In his first argument on appeal, the defendant asserts that the court failed to give him certified mail notice under section 115 -- 4.1(a) for either of the August 29 or September 28 trial dates. He argues, then, that we should not impute knowledge based upon his counsel's presence in open court at the setting of those trial dates. He relies upon the Fourth District cases Watson and Williams.
This case is factually distinct both from our Clark and from the Fourth District cases of Watson and Williams. Under these facts, where certified mail notice in compliance with section 115 -- 4.1(a) was sent to the defendant, we need not reconsider Clark in light of the Fourth District cases. The record is clear that here proper certified notice was sent as a preliminary to trial in absentia on August 29. The court sent the defendant certified mail notice of the August 29 trial setting. Notice was sent to the address on the defendant's bond slip. That the certified mailing was returned unclaimed is of no statutory consequence; section 115 -- 4.1(a) merely requires such notice to be sent.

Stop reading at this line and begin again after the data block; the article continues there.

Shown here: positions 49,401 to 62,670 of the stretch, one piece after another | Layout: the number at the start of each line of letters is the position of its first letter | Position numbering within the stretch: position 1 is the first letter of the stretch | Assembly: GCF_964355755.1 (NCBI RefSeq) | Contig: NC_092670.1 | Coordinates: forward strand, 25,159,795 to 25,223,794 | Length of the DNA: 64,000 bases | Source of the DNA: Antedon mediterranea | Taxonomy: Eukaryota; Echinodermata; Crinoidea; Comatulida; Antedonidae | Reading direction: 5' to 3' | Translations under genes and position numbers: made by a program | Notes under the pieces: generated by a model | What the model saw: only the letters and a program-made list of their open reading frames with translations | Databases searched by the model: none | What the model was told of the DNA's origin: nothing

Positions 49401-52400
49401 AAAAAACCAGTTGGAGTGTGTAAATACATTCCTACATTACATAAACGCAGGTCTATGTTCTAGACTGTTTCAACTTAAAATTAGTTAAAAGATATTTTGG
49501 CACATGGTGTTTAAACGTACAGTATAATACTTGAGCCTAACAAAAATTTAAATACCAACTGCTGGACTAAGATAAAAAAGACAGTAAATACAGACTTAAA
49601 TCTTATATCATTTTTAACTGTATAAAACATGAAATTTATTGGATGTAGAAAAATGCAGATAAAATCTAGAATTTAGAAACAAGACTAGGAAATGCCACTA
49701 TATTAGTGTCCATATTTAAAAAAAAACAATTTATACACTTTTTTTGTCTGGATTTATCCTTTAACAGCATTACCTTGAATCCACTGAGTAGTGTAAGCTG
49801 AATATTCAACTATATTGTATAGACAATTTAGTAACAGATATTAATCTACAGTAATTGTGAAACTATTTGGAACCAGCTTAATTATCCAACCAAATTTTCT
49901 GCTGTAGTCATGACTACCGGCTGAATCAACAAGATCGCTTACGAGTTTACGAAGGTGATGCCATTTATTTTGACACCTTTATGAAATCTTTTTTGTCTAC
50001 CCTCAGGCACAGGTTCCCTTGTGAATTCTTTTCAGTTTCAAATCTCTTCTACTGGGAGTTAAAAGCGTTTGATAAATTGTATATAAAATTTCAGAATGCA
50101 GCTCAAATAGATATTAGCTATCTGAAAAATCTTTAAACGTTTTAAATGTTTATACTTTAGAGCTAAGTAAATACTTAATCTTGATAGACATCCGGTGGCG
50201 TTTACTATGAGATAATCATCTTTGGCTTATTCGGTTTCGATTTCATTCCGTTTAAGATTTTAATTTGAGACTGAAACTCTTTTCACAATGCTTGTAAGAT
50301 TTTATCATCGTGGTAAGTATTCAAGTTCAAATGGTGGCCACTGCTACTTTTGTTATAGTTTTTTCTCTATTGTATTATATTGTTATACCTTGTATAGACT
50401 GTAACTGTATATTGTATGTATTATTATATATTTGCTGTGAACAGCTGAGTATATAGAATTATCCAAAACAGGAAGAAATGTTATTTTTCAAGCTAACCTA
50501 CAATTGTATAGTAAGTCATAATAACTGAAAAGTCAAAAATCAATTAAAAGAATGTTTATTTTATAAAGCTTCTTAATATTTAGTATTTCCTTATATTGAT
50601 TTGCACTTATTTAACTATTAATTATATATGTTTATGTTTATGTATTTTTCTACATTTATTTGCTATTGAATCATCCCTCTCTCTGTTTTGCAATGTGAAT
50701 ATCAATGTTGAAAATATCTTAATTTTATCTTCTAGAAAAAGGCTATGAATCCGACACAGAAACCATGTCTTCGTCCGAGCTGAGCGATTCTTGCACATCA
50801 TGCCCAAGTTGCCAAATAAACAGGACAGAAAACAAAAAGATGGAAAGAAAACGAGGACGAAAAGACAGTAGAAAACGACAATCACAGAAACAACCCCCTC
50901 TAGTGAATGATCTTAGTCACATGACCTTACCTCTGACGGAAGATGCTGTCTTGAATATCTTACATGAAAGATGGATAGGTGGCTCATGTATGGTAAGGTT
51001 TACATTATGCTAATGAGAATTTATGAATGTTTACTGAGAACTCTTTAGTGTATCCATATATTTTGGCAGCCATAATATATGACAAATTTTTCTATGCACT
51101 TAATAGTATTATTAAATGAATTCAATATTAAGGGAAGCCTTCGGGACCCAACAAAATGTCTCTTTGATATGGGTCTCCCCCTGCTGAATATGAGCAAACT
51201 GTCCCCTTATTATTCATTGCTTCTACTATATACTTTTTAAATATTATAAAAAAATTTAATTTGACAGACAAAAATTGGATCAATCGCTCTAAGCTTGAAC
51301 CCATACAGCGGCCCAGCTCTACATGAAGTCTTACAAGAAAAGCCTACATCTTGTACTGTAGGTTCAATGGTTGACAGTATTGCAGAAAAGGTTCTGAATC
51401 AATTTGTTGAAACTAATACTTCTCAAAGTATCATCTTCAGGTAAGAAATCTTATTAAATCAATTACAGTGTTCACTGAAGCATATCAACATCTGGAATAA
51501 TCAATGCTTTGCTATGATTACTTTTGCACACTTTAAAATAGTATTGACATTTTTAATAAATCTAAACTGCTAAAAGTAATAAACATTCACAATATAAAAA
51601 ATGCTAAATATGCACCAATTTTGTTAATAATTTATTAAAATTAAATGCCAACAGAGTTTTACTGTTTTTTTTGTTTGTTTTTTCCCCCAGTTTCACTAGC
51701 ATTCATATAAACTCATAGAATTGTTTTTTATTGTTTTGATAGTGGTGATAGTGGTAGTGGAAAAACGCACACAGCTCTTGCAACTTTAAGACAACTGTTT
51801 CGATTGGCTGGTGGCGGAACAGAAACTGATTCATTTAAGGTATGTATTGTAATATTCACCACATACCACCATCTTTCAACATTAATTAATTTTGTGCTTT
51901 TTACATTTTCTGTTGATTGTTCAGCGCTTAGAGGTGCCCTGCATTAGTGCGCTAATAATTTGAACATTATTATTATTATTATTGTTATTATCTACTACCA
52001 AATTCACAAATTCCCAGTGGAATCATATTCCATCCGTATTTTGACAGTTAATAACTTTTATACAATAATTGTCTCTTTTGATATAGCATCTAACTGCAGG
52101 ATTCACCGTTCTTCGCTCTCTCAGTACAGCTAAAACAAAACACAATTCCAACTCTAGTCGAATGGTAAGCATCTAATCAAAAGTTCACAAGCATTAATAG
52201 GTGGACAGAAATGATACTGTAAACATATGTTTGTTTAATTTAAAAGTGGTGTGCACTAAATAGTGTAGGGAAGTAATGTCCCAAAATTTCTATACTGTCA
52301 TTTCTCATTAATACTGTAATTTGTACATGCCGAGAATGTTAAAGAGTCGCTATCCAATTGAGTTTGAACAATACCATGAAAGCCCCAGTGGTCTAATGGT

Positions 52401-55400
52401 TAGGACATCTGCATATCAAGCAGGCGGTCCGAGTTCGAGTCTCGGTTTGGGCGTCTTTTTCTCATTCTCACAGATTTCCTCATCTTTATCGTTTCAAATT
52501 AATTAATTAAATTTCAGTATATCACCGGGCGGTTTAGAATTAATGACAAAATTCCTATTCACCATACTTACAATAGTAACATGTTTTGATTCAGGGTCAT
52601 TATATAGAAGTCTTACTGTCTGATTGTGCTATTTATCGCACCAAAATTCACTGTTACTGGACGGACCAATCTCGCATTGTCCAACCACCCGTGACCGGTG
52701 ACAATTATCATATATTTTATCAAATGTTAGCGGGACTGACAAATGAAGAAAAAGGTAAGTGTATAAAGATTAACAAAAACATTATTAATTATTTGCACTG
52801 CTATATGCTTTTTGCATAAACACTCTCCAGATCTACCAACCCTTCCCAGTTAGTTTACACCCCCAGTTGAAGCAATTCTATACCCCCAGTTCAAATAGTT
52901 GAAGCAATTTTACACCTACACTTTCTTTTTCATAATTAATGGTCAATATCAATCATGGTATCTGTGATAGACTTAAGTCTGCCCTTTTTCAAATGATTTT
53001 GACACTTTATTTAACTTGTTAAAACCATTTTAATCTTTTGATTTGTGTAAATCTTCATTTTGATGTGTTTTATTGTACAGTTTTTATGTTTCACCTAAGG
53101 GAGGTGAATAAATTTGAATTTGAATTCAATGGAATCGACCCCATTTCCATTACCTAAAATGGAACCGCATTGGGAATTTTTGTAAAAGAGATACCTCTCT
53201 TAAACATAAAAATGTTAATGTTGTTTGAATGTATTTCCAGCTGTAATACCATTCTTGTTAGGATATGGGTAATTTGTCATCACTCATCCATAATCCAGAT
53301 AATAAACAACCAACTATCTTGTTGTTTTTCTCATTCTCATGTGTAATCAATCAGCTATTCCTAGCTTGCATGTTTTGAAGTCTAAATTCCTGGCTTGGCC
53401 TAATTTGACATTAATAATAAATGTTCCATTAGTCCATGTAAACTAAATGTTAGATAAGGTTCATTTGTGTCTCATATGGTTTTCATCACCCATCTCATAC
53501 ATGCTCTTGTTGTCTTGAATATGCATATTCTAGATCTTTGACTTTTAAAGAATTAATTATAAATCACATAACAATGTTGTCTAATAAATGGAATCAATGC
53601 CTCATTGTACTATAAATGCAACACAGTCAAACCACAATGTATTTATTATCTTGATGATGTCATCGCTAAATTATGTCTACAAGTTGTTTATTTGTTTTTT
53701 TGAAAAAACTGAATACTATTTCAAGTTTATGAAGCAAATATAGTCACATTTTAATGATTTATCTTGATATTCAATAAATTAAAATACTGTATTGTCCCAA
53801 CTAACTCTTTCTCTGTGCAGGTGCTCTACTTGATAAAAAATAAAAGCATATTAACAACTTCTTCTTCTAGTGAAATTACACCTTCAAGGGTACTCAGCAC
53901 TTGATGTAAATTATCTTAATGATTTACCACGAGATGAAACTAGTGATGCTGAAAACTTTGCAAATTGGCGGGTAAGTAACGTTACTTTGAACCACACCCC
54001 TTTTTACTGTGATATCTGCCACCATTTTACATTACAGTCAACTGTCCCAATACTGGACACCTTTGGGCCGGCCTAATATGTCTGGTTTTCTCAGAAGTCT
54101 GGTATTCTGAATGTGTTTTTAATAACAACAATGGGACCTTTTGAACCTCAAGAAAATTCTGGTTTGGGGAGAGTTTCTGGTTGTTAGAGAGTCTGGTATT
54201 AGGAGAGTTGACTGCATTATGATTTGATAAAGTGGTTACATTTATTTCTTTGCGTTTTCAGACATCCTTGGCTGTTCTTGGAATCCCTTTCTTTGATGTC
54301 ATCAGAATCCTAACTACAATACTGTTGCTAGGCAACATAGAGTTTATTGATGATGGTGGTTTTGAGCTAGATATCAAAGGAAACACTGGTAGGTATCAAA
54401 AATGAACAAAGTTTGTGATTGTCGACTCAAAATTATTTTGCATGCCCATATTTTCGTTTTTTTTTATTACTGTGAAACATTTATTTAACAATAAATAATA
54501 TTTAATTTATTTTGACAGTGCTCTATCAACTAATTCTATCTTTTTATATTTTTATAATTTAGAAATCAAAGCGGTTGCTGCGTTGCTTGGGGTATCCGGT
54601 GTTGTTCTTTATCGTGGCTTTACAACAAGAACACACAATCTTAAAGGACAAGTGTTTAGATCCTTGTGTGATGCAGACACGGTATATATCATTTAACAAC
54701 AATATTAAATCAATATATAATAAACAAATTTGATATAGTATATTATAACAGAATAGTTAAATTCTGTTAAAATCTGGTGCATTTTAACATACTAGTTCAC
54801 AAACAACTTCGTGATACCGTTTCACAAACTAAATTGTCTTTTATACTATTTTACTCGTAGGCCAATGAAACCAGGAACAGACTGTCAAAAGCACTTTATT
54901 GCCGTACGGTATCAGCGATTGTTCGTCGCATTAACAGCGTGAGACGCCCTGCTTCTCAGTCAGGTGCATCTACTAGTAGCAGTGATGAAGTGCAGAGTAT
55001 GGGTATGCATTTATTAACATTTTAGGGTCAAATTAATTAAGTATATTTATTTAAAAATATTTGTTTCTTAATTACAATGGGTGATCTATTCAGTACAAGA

We are aware of no reason why, after a proper finding of voluntary absence, trial in absentia under section 115 -- 4.1 would have been improper on the properly noticed August 29 trial date. Further, we observe that section 115 -- 4.1 does not clearly require repeat certified mail notice for continued trial dates. We find that a reasonable reading of the section comprises no such requirement in this case. Notice under the section was given; and trial in absentia properly followed.